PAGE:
Alberto Fernando Raposo was the first ordained Portuguese pastor and the first Portuguese Adventist missionary.
Alberto Fernando Raposo was born October 29, 1891, in Lisbon, Portugal, into a middle-class Roman Catholic family. In 1906, he was introduced to the Seventh-day Adventist faith by Clarence Rentfro (1877-1951). Rentfro was the first denominational missionary sent to Portugal in 1904.
Fernando Raposo, Alberto’s father, was a successful businessman and wanted to give his son a helpful education. Since Fernando Raposo had established a warm friendship with Clarence Rentfro, he asked him to teach his son the English language. Soon the English lessons were filled with spiritual themes. A bond of friendship and spiritual sympathy was established between Clarence Rentfro and Alberto Raposo. Sometime after the beginning of the English lessons, Alberto’s father decided to send him to England in order to perfect his English skills.
In England the young man was entrusted by his father to the care of a Portuguese family that resided in Manchester. But this family was forced to leave the city, and they left Alberto Raposo with another family residing in Manchester. This second family had accepted the Adventist faith and gladly invited their young Portuguese guest to Sabbath services and to youth meetings. Alberto started to study the Bible and decided to accept the Adventist faith. He was baptized into the Seventh-day Adventist Church in August 1908, in Manchester, England, by Pastor W. Knight.
Two months later Alberto returned to Portugal and one of his first visits was to Clarence Rentfro. Rentfro was overjoyed when he discovered that his former pupil had already been baptized. However, Alberto’s father was not happy with the decision of his young son. He tried to “sober up” Alberto, but was not successful. In fact, the young man decided to dedicate his life to spreading the Adventist message. In October 1911, he departed for Gland, Switzerland, where he enrolled in the theology course of the Latin Union School. Alberto finished his theology studies in the spring of 1914 and then returned to Portugal.1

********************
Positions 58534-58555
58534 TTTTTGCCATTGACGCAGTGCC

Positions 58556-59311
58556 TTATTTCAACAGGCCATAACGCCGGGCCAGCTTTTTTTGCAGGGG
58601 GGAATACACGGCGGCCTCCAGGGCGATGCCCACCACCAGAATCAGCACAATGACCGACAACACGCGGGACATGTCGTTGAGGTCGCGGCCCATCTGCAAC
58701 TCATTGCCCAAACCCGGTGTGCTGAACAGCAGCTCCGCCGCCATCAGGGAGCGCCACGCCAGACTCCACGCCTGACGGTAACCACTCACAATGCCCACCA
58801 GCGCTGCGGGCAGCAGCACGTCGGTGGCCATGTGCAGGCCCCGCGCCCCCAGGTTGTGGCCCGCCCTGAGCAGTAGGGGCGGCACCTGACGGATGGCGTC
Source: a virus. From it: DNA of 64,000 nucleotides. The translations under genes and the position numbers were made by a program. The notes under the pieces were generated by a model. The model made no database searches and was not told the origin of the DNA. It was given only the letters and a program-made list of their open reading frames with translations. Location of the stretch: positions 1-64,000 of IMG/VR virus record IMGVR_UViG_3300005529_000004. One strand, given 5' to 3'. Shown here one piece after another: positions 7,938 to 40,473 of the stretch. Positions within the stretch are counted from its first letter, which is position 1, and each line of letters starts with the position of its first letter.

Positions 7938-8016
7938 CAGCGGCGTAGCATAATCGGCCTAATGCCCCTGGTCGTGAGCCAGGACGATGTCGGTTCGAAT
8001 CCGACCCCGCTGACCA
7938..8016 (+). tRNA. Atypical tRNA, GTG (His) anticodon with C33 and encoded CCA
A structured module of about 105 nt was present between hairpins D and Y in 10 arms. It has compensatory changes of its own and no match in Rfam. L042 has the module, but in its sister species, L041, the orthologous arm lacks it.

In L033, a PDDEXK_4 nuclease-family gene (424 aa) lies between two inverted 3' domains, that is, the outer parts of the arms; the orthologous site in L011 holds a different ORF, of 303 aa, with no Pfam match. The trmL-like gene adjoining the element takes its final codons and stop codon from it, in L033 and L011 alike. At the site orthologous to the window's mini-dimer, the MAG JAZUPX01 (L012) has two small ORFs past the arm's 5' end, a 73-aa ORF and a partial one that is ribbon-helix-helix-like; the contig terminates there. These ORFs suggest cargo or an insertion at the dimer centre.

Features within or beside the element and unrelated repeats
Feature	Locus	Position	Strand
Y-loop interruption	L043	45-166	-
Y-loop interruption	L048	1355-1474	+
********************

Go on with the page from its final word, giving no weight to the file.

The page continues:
Early Ministry and Administrative Positions
In 1914 Alberto started his ministry as a colporteur in Oporto, but he was soon assigned to work as junior pastor in Lisbon. Paul Meyer (1886-1945), who was then senior pastor of the Lisbon Church, enjoyed the collaboration with the young Portuguese pastor. On November 30, 1915, Alberto married Bertha Kleist. Tragically, she died from tuberculosis on April 17, 1924. In 1917 Clarence Rentfro departed from Portugal and Paul Meyer assumed the presidency of the Portuguese Mission. Alberto Raposo was then appointed pastor of the Adventist church in Oporto. He remained in that northern city until July 1920. On February 6, 1921, he became secretary-treasurer of the Portuguese Mission, an office he held until August 1933. It was in this capacity that he directed the work of the Portuguese Mission from October 1928 until March 1930 as acting president. Meanwhile, on December 9, 1928, he married Nazaré Velez.
Ordination and Later Years